Bottom Line: Shocks and air springs should ALWAYS be used together.
I've also been working with Steve Duck over at RCD for over two years about this same issue and they have developed a custom Bilstein shock that is designed specifically for air spring applications. I called upon Steve's input and here's what he had to say.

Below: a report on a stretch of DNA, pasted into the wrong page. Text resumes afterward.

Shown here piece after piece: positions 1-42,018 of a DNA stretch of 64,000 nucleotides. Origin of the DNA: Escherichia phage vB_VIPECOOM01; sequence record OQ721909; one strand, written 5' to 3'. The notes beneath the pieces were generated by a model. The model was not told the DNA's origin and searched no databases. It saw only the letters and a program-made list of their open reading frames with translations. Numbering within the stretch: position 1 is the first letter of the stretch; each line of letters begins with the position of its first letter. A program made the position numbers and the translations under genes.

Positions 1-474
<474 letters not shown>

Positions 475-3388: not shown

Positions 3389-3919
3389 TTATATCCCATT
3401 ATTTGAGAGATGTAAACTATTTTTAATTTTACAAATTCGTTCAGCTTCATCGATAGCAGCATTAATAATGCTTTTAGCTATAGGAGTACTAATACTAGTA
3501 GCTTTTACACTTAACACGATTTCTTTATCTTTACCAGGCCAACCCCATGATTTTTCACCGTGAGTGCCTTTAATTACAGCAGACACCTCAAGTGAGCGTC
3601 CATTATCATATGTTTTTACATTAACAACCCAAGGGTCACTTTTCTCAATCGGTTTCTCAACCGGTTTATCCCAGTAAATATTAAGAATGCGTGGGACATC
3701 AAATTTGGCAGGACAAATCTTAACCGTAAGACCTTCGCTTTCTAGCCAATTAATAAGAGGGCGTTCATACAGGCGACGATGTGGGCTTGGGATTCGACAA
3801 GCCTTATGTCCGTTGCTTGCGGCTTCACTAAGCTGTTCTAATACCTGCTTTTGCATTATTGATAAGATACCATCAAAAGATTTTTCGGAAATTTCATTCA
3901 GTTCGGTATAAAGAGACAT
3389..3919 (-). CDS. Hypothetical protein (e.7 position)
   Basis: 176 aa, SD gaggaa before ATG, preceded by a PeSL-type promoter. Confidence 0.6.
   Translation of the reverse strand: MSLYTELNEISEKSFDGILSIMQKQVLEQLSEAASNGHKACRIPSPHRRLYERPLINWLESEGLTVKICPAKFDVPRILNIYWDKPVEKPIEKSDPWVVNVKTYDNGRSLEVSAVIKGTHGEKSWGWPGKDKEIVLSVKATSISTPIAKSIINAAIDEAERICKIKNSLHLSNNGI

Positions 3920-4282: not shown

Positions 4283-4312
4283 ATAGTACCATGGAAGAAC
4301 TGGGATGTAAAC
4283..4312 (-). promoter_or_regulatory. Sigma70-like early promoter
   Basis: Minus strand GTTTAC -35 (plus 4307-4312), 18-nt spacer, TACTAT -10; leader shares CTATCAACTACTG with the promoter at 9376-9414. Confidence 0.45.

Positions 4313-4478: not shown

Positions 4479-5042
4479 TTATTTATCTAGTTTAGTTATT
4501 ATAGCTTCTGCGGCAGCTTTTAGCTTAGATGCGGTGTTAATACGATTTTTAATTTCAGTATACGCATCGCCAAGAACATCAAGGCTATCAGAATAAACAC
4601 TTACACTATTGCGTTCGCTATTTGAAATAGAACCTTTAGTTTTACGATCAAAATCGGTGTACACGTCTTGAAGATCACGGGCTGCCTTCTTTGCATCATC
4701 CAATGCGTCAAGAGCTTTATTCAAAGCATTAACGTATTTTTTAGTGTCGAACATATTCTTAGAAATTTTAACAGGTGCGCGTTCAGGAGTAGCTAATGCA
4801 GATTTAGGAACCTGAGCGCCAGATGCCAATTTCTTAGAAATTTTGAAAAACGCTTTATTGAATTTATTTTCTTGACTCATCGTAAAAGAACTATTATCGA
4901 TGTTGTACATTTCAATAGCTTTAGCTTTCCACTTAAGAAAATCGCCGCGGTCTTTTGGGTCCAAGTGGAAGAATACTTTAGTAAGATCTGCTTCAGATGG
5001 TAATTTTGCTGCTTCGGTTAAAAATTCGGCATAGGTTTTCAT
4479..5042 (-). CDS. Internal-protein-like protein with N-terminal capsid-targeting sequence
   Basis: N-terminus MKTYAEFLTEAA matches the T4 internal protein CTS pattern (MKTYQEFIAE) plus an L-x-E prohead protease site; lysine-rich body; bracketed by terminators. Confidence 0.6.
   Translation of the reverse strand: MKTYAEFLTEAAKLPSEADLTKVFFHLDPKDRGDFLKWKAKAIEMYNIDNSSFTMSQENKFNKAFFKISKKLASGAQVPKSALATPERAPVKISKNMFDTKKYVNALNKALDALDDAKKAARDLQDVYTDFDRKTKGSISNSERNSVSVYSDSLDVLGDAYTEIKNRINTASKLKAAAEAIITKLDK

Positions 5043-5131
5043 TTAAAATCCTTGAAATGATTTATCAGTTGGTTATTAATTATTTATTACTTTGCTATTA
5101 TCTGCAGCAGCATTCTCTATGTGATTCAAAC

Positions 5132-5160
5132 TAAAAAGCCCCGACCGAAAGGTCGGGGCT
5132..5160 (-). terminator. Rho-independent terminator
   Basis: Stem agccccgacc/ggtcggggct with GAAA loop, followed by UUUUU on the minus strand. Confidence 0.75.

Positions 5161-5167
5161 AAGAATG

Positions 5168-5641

After spending the better part of 17 years in the aftermarket, hot rod and muscle car shock absorber industry, I was surprised to find out that a lot of vehicles were not running front shocks. At a show I came upon a beautiful '60s Chevy truck, 'bagged and sitting on the ground. After admiring it from a distance I took a closer look to see what kind of shocks it was running, but to my surprise, there weren't any shocks at all. How could this be, is there something inside these bags that damp the motion of the bag? I asked the owner how the truck rode, "great on a smooth road" was the answer. Well, in a perfect world, with only smooth roads, that would be ok I guess, but this is not a perfect world. How many of you have been driving down the road watching a wheel bounce off the pavement or felt the chatter of the car going around a corner as the suspension is upset from hitting a bump in the road? Bottom line is whether you have a vehicle with air, coil, or leaf springs a shock is necessary to control it.